February 5, 2012 at 4:48 am |
  16. Alex

    Elementary Teacher: "Now class cursive is very important! You will use it for the rest of your life!"
    Forward to age 22: (NEVER USES IT EVER!)

    You know it's true.

    February 5, 2012 at 2:32 am |
    • Chartreuxe

      So you never write a check or sign your name to *anything?*


      February 5, 2012 at 11:50 am |
  17. Larry Moore

    Well, this study MUST be flawed. Think about the handwriting of all the doctors and lawyers (illegible, mostly). And, my own hadwriting is just horrible but I managed to thrive in education.

    February 4, 2012 at 11:09 am |
    • Nancy

      Doctors' handwriting does not factor into this premise. My doctor told me he had beautiful handwriting until he entered med school. There he had to write so many notes quickly that his handwriting deteriorated in favor of speed. This lends itself to the original premise that better handwriting is indicative of better skills.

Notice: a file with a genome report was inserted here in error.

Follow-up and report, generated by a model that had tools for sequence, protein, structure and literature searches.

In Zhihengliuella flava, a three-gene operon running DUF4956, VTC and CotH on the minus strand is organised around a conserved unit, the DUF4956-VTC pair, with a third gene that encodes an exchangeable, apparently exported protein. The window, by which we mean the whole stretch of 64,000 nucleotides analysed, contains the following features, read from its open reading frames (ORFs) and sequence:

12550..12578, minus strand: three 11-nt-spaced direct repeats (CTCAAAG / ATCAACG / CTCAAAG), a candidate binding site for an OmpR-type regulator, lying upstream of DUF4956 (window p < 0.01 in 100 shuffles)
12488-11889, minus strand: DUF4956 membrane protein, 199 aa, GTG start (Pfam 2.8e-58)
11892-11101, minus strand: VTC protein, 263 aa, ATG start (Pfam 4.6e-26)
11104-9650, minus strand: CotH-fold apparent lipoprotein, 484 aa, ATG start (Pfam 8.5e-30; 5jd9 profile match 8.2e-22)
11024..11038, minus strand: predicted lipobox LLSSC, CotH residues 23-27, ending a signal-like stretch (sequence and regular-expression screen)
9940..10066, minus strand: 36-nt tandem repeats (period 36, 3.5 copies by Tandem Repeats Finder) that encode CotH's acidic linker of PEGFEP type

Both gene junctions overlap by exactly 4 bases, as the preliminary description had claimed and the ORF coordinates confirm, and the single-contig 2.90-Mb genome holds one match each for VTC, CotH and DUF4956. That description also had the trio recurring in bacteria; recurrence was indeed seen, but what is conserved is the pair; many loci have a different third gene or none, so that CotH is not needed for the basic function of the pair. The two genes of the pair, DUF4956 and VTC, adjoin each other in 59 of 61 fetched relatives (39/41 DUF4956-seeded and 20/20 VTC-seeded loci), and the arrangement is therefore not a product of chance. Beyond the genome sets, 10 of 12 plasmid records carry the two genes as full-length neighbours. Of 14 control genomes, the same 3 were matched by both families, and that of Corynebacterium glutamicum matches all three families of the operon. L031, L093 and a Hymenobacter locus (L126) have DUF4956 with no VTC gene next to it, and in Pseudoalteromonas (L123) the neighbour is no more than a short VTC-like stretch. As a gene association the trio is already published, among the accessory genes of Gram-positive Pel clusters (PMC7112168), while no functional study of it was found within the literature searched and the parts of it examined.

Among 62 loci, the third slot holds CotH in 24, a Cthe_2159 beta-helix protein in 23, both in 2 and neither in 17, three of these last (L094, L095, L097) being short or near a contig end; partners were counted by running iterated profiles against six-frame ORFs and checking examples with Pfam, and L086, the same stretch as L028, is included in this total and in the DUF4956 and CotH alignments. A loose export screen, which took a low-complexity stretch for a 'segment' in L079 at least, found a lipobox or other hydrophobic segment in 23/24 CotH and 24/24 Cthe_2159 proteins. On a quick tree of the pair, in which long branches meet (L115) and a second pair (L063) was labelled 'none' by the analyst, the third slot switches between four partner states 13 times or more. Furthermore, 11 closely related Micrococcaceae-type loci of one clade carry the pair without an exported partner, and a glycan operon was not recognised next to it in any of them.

February 4, 2012 at 1:23 pm |
      • Chartreuxe

        It was my 2nd Biology professor who caused my beautiful handwriting skills to deteriorate. We had to take notes and sketch drawings in 6 different colours. That was the end of copperplate skills for me forever...I must concentrate now to write my signature legibly.

        Those electronic pads we must sign now for credit cards are not designed for us to write legibly either. I can barely recognise my signature immediately after I've completed it!

        February 5, 2012 at 11:53 am |